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Chola Makeup Isn't a Trend—It Signifies a Hard-Earned Identity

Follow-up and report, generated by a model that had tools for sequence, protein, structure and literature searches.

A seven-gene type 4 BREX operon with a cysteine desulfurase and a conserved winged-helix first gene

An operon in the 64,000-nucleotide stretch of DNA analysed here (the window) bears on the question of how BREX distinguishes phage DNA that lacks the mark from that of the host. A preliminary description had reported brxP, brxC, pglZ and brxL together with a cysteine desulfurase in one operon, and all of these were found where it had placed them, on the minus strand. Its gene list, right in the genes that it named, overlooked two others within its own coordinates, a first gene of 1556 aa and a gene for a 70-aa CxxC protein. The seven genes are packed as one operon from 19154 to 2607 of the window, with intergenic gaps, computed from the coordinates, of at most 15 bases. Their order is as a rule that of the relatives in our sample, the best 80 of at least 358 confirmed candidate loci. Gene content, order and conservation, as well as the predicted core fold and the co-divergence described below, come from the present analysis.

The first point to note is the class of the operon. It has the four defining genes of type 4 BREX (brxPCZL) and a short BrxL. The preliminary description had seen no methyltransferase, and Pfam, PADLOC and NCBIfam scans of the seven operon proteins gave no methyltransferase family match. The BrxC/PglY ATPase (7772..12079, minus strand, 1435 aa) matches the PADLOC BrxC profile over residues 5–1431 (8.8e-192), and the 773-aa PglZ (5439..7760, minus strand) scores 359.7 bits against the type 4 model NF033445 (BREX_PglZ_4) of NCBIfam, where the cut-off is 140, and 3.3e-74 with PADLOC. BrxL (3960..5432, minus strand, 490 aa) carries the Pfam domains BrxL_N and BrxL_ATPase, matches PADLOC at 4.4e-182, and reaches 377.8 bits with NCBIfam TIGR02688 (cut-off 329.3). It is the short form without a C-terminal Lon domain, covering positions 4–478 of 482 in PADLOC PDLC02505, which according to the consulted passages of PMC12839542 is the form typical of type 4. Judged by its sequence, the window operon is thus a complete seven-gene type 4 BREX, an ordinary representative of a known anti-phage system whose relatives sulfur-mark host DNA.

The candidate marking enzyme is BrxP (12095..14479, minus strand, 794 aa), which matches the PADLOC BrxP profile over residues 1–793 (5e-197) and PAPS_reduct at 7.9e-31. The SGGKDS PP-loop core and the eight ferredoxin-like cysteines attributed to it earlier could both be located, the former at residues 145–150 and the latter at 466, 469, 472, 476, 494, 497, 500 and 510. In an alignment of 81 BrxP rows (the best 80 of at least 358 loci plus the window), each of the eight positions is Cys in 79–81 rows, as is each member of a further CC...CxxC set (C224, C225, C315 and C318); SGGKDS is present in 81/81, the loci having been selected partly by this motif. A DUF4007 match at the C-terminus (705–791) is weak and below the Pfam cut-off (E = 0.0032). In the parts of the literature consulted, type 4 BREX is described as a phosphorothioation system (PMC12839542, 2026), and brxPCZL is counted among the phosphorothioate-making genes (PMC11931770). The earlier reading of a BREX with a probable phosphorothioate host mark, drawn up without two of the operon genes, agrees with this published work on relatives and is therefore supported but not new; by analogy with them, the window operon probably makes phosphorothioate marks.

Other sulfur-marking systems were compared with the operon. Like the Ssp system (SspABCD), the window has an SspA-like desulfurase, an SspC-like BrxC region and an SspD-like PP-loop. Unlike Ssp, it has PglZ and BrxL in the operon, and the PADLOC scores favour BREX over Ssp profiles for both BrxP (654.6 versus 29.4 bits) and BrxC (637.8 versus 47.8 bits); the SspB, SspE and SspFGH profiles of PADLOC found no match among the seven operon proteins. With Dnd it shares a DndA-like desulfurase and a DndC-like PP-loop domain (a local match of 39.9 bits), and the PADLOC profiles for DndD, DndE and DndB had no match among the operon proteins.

My mom grew active in East Los Angeles—an powerful region with a predominantly Mexican and Mexican-American populace—and relocated inside the seventies while she became nine. She was nevertheless too younger to put on make-up or fully embody the chola lifestyle, but to at the present time, I surprise how she, and I, would be specific if she never left. It's an entire aesthetic: dramatic cat-eye liner, matte foundation, pencil-thin eyebrows, and lips that don a darkish and described liner, regularly worn along side hoop rings, gold nameplates, ornate acrylic nails, and toddler hairs slicked down and fashioned baroquely alongside the hairline. I recognise this appearance properly. While my mother never absolutely adopted it, it become one my older cousins perfected. It's awesome, flamboyant, and fierce, not in fashun speak, however in a toughness passed down for generations. Ask someone of its modern adapters, and he or she'll proudly provide an explanation for how she got

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